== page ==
"While the service of the summons was good in either Baguio or Manila we are of the opinion that the objection of the defendant to the place of trial was proper in both cases and that the trial court should have held that the venue was improperly laid.."
And elaborating on the point when the case came up for reconsideration, the Court further said:red:chanrobles.com.ph
"The moving party contends that the venue was properly laid under section 377 in that it was laid in the province where the defendant was found at the time summons was served on its president, he having been found and served with process in the city of Manila. For the purposes of the discussion we assumed in the main case, as the plaintiff claimed, that the defendant was in fact and in law found in the city of Manila; and proceeded to decide the cause upon the theory that, even if the defendant were found in the city of Manila, that did not justify, under the facts of the case, the laying of the venue in the city of Manila.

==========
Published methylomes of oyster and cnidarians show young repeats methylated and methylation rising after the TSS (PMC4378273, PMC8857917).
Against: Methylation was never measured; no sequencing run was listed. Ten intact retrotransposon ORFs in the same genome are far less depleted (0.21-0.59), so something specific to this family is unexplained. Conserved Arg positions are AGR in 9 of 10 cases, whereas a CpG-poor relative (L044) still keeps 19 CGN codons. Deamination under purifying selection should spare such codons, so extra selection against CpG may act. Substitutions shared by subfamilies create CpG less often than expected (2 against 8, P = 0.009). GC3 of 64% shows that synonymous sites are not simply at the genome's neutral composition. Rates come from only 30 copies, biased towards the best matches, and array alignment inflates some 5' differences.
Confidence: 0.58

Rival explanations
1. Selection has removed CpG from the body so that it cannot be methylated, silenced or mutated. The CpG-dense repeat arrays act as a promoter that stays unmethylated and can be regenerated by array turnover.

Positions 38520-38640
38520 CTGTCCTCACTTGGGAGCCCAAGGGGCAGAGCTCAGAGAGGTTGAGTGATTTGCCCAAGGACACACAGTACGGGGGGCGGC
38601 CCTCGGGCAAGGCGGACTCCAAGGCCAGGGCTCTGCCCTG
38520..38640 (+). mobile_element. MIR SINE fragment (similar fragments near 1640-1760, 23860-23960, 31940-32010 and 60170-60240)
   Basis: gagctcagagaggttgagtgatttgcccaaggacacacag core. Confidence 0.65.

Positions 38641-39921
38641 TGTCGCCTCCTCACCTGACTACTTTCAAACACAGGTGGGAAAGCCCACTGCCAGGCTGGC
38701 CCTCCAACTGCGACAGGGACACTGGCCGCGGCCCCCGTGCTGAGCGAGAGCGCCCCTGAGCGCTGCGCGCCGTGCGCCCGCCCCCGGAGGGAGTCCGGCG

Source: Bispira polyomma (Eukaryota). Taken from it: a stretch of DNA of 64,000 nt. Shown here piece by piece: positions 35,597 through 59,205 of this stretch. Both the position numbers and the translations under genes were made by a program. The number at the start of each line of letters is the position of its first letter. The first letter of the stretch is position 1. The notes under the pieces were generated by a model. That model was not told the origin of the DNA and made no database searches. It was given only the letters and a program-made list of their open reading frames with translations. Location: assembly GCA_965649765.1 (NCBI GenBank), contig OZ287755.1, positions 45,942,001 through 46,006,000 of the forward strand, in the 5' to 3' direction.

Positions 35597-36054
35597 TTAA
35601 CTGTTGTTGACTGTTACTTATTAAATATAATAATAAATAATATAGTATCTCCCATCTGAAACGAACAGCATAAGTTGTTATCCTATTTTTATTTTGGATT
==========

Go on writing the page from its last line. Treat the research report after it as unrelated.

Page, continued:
"We do not believe that the moving party’s objection that our construction deprives the word ’found’ of all significance and results, in effect, in eliminating it from the statute, is sound. We do not deprive it of all significance and effect and do not eliminate it from the statute. We give it the only effect which can be given it and still accord with the other provisions of the section which give defendant the right to have the venue laid in the province of his residence, the effect which it was intended by the legislature they should have. We held that the word ’found’ was applicable in certain cases, and in such cases gave it full significance and effect. We declared that it was applicable and effective in cases where the defendant is a nonresident. In such cases the venue may be laid wherever he may be found in the Philippine Islands at the time of the service of the process, but we also held that where he is a resident of the Philippine Islands the word ’found’ has no application and the venue must be laid in the province where he resides.